Nutritional Advice to Stay Rowing Fit

Nutritional Advice to Stay Rowing Fit

The impact that the right nutrition can have on your sporting performance should not be under-estimated. As well as increasing our wellbeing and energy levels, vitamins and minerals have the ability to help protect against injury and ensure good muscle recovery.

Nutrition brand Pharma Nord explains some of the minerals that are important for good sporting performance.

The sunshine vitamin

How much do you know about vitamin D? According to a recent Pharma Nord health survey, 75 per cent of us have never had a vitamin D test, despite the fact that up to 50 per cent of UK adults are thought to be deficient.

Nutritional Advice to Stay Rowing FitThe majority of vitamin D (around 90 percent) is produced in the skin in response to strong sunlight, hence why it is often termed the ‘sunshine’ vitamin.

Vitamin D is known for its anti-viral and anti-bacterial properties, which means it can strengthen our immune system and help protect against flus and colds. It is also important for bone health, helping with the absorption of calcium and building stronger bones. This is especially important to reduce your risk of injury. Fractures and joint problems can result from repetitive loading over time, so consider taking a supplement to support your bone and joint health. Vitamin D3 (cholecalciferol) is identical to the form produced naturally in the skin.

Magic mineral

Make sure you get enough magnesium as it is vital for the structure and strength of bones and can help with muscle recovery.  Foods to add to your diet include beans, nuts and whole grains such as brown rice and whole wheat bread. If choosing a supplement go for one with the hydroxide acetate and carbonate forms of magnesium as they can be best absorbed by your body. The recommended daily allowance (RDA) is 400mg/day. Bio-Magnesium contains 200mg of pure magnesium per tablet.  

Essential fatty acids

One of the best sources of omega 3 is oily fish such as salmon, sardines and herring.  This essential fatty acid helps to protect against inflammation which plays a part in many injuries and can also slow recovery. Omega 3 also helps to keep joints and tissues well lubricated, making it especially important for the action of rowing. Daily supplementation with a high quality fish oil derived from the flesh of the fish, rather than the liver, is recommended.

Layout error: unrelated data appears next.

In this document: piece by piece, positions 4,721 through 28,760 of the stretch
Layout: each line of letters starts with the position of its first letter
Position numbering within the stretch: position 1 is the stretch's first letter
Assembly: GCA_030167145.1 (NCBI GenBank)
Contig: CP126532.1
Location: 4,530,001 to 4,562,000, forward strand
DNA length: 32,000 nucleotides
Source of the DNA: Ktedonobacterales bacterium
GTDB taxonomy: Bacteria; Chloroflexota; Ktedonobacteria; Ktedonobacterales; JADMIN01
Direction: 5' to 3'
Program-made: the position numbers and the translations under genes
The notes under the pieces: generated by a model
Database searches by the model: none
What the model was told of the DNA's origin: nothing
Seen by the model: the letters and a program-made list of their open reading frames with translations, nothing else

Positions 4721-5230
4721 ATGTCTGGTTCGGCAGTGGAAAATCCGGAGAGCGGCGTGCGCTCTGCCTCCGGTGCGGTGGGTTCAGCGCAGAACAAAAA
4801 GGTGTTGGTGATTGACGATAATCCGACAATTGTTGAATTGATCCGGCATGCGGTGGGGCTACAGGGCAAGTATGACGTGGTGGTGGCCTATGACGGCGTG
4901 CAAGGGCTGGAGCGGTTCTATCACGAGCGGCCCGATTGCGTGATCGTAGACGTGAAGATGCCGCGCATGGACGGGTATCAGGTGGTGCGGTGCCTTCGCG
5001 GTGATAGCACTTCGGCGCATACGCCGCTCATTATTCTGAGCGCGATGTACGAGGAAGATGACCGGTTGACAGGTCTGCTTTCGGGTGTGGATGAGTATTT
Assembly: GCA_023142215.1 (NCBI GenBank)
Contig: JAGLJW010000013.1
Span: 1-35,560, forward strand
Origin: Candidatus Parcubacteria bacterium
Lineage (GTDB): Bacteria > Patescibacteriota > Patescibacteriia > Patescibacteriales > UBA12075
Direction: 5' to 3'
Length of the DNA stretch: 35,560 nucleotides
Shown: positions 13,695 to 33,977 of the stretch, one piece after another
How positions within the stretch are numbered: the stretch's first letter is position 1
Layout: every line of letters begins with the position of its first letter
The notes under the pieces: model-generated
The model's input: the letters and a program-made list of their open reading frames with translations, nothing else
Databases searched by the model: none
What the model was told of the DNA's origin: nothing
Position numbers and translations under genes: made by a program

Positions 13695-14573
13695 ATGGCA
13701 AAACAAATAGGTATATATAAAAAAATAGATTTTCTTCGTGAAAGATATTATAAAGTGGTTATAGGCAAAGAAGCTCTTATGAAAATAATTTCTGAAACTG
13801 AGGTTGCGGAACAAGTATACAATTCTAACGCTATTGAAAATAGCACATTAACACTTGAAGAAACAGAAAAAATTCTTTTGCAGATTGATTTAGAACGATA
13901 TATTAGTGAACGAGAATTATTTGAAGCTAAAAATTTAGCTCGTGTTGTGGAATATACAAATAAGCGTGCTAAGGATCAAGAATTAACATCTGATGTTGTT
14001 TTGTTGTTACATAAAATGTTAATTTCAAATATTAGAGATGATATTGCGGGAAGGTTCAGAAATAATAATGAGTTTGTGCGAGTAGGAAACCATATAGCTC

Strengthen your muscles and feel an energy boost

Working different muscle groups can result in soreness and fatigue. So, how can we protect our muscles from fatigue and ensure we have enough energy?

All of our cells need a vitamin-like substance called coenzyme Q10 as part of their energy mechanism. In fact, Q10 is responsible for 95 per cent of our daily energy. The majority of Q10 is synthesised within the body, however our natural levels decline from our mid-twenties. Consider topping up with a high quality supplement. Q10 is fat-soluble so is best absorbed by the body when dissolved in oil-based capsules. Q10 raw material takes the form of a complex crystal structure, so check that the supplement manufacturer uses a process to break down the crystals so they can be absorbed.

Nutritional Advice to Stay Rowing Fit

2 thoughts on “Nutritional Advice to Stay Rowing Fit

  1. Tania Griffin says:

    Recommending supplements like this to rower, or any athlete is exceedingly risky. If you eat a well balanced diet it is highly unlikely you will need supplements. Any need for supplementation should be identified and prescribed by a health professional (General Practitioner, Dietitian or Nutritionist). All rowers should adopt a food first approach and exert extreme caution with respect to any form of supplementation. Contamination with banned substances, supplements containing ingredients not listed are to name but a few risks, not to mention the potential for negative health effects due to taking things which you may not need.

    There is no mention on this article about

    1) the importance of any deficiency being identified by a health professional
    2) the risks of supplementation
    3) the methods for checking whether supplements contain any prohibited substances as identified by UKAD and WADA
    4) The GB rowing supplements policy which is universally relevant.

    https://www.britishrowing.org/upload/files/Nutrition/PolicyontheUseofSupplementsDec09.pdf

    • Emelie Tillack says:

      Tania – thank you very much for your comment, that’s a really helpful addition to the subject matter and will help to inform our readers. We appreciate you taking the time.

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